The conclusion to be drawn from this experience is that guard employees were unjustly deprived of fringe benefits for the duration of a service contract because the Department of Labor was negligent in promulgating the initial wage determination.

Since the Secretary of Labor has not only the authority, but the responsibility to enforce the Act and make reasonable rules and regulations, it is inconceivable to me that the Department cannot correct its own errors rather than place the consequences of them on innocent employees.

While I have cited only two specific cases to illustrate my point that administration and enforcement of the Service Contract Act has been less than satisfactory, numerous other complaints have been brought to my attention. Such complaints may be summarized as follows:

(1) It appears that government contracts for the use of service employees do not always contain provisions specifying the “minimum monetary wages" and "fringe benefits" to be paid as required by Section 2 (a) of the Act.

(2) Wage determinations have been made without a fringe determination, the contract awarded, and the fringe determination made subsequent to the contract award, but held inapplicable to it.

(3) In some areas, such as the Kennedy Space Center, no wage and fringe determinations have ever been made for certain service employees.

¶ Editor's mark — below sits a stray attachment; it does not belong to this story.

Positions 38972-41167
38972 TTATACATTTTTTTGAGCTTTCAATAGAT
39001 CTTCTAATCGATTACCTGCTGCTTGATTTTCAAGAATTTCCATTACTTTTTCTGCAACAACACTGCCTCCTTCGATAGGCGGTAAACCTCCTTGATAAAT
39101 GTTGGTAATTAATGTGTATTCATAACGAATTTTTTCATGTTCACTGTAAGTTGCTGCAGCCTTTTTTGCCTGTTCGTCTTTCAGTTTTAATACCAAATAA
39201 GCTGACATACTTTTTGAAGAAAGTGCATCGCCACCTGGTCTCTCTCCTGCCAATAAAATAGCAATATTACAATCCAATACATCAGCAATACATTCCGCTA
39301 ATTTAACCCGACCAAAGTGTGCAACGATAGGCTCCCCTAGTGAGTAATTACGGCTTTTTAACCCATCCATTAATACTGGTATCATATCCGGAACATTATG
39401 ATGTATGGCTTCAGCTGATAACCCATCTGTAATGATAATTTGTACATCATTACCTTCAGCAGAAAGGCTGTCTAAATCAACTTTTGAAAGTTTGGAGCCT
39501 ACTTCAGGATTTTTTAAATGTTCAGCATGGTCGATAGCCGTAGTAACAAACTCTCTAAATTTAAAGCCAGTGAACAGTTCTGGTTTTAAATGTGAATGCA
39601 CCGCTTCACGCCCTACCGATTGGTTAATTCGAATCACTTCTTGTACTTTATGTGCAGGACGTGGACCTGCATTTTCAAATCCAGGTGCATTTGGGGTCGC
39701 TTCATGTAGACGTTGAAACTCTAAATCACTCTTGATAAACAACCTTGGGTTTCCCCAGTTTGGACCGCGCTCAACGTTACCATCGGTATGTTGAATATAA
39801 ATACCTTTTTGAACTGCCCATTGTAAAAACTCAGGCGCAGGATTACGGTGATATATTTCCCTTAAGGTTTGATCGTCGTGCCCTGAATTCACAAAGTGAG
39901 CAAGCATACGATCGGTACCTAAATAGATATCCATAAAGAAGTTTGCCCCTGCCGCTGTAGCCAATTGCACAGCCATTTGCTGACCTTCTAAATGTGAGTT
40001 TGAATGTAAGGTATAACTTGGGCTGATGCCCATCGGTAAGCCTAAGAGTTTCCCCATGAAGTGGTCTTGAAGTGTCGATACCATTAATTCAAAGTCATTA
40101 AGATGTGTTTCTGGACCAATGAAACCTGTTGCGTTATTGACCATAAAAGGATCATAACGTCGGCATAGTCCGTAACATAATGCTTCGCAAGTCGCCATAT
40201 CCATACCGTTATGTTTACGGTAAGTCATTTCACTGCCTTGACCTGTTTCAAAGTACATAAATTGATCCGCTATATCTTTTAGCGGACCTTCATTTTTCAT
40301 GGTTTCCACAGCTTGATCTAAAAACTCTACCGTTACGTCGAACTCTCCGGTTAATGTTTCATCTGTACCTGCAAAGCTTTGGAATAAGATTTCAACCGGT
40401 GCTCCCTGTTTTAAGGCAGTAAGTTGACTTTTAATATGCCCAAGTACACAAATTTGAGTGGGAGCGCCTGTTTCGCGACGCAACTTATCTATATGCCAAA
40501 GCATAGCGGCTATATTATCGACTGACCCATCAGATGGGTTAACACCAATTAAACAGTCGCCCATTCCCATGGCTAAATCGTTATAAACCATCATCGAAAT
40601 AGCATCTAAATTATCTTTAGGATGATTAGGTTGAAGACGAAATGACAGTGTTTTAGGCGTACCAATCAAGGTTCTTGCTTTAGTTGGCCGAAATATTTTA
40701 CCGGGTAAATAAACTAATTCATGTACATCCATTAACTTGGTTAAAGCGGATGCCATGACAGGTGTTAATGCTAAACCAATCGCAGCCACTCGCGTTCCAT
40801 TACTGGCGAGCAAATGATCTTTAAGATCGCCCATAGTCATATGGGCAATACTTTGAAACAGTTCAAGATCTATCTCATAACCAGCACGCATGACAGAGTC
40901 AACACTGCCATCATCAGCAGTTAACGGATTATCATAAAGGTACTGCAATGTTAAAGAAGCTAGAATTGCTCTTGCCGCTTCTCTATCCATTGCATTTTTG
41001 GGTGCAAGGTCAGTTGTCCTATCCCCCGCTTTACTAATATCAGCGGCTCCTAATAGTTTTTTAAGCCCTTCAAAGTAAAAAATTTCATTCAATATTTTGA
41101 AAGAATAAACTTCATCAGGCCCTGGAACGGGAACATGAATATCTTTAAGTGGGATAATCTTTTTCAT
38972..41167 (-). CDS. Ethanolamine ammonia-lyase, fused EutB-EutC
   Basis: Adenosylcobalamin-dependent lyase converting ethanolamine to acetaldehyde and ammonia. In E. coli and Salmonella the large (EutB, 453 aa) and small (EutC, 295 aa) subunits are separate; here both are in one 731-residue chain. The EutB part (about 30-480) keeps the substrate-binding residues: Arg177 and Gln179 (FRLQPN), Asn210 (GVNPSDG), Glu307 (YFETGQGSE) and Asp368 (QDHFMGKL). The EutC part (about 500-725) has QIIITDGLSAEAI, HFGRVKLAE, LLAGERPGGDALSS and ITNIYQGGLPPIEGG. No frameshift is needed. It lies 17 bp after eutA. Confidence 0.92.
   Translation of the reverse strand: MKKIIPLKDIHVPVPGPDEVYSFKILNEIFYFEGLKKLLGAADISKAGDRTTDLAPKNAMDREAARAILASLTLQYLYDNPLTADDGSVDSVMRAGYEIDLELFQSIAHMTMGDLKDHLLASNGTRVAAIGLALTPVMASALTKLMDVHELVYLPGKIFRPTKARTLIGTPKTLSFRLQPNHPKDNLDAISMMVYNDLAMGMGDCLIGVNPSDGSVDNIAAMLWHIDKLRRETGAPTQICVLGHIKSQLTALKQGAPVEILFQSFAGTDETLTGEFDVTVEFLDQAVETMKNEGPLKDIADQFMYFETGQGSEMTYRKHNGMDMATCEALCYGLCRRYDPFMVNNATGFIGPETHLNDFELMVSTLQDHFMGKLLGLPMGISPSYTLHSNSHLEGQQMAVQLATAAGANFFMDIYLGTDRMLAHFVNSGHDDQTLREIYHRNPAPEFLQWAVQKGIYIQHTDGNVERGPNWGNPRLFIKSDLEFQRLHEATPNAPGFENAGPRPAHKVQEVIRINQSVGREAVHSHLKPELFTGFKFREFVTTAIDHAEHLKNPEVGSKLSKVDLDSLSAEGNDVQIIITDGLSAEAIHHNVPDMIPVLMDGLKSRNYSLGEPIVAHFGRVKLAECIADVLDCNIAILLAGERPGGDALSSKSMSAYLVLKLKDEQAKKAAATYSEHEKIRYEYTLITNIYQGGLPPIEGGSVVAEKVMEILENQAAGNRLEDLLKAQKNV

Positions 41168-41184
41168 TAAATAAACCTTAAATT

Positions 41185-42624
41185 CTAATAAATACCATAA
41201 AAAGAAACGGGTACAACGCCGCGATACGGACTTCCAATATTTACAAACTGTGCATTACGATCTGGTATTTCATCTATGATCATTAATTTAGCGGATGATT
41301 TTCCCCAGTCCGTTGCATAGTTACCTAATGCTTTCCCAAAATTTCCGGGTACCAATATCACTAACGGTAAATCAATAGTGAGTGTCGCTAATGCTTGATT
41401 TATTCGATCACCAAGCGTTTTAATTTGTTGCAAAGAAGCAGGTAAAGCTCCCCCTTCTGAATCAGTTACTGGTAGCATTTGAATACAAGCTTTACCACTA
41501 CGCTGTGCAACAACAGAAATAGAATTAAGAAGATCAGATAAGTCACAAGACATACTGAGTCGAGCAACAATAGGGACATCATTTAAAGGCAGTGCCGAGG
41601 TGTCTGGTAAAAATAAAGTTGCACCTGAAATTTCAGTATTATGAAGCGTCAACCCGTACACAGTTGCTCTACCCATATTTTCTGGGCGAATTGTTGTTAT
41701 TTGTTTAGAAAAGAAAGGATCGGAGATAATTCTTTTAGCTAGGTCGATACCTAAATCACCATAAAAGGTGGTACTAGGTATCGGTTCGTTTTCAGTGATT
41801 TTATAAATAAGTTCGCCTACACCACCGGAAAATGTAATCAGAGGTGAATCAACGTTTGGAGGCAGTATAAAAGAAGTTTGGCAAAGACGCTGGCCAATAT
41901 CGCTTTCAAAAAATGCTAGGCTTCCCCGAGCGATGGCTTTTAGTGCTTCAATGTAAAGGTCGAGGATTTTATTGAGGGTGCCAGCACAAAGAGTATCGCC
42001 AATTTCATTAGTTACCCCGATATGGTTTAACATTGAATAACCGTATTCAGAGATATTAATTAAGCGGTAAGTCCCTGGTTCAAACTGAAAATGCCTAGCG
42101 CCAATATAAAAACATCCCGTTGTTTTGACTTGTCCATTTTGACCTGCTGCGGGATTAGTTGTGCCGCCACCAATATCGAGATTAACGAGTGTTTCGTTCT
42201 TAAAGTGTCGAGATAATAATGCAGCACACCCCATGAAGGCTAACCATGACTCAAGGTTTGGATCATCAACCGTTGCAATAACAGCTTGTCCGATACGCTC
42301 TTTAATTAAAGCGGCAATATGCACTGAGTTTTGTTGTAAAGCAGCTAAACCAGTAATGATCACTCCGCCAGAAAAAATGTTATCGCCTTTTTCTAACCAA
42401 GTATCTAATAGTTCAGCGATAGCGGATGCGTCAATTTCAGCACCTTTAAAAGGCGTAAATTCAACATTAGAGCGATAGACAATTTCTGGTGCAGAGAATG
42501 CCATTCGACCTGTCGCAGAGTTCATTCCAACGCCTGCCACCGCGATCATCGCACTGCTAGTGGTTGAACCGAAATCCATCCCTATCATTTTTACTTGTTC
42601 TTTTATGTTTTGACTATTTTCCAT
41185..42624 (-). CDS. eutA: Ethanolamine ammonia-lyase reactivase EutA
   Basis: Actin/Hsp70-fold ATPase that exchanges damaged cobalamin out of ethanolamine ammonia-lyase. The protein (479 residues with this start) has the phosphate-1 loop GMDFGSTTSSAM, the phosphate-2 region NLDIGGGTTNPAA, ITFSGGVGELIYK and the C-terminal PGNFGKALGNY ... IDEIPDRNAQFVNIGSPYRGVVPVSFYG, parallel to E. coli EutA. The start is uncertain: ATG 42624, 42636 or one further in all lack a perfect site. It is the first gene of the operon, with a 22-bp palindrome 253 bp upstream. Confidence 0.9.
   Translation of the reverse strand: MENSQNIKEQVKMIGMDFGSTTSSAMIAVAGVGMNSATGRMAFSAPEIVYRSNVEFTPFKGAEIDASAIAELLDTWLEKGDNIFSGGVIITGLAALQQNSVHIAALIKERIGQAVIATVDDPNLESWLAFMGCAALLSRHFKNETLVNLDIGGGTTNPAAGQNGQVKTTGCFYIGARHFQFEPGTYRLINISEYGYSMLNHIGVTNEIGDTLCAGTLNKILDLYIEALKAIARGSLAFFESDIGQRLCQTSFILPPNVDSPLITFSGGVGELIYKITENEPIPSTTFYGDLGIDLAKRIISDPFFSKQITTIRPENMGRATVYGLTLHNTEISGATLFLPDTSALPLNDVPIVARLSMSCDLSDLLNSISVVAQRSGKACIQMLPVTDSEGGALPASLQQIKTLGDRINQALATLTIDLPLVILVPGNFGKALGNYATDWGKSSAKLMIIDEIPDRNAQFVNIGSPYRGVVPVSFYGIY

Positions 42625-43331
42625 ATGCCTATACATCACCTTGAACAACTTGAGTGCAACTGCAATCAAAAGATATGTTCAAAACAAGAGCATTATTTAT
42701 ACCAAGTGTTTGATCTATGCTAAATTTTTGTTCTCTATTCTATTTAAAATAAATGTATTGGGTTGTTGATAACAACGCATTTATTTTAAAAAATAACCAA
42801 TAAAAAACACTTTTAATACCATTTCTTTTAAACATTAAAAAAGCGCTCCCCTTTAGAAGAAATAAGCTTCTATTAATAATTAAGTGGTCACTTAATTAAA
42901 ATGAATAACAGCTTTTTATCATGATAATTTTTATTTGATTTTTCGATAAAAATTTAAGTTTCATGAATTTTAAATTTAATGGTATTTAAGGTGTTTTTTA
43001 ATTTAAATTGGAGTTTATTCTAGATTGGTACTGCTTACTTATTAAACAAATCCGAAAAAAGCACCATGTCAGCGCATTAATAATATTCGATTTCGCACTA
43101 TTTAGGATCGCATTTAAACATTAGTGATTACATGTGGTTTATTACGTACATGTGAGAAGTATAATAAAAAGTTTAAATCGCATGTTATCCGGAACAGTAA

(4) As a result of delay in issuing determinations and/or issuing incomplete determinations, many contractors have been exempted from the Act's coverage for the term of the contract.

(5) Wage and fringe benefit surveys are often incomplete and unrealistic. In determining the "prevailing rates for ... employees in the locality ...” the Department of Labor does not appear to give appropriate consideration to negotiated wage settlements or to periodic increases in the cost of living index.

(6) Frequently service employees are not advised of the "compensation required" as provided for in Section 2(a) (4) of the Act. In this regard, a specific case involving the A. 0. Smith Corporation, Waco Ordnance Division, Bellmead, Texas and Industrial Security Services Corporation was brought to the attention of the Department of Labor on October 17, 1966. To my knowledge, no remedial action was taken against the contractors pursuant to Sections 3 and 5 of the Act.

(7) By interpretation, the Department of Labor has restricted the scope and coverage of the Act. As a consequence, a "grey area" has developed which deprives certain employees of the Act's benefits although employed at a Company performing substantial amounts of government work.

Needless to say, any legislation irrespective of its purpose or how carefully written, can be emasculated by ineffective administration and enforcement. I respectfully submit that your investigation will demonstrate conclusively that the Service Contract Act has fallen into the latter category.

I urge the Committee to take such action as is necessary and appropriate to cause administration and enforcement of the Act in accordance with Congressional intent. At a minimum, the Secretary of Labor should be directed to provide timely periodic and realistic wage and fringe determinations ; to make determinations where none exist; to apply revised determinations during the course of the contract; to advise contractors, employees and government agencies of their rights and obligations under the Act; and to interpret, apply and enforce the Aet liberally.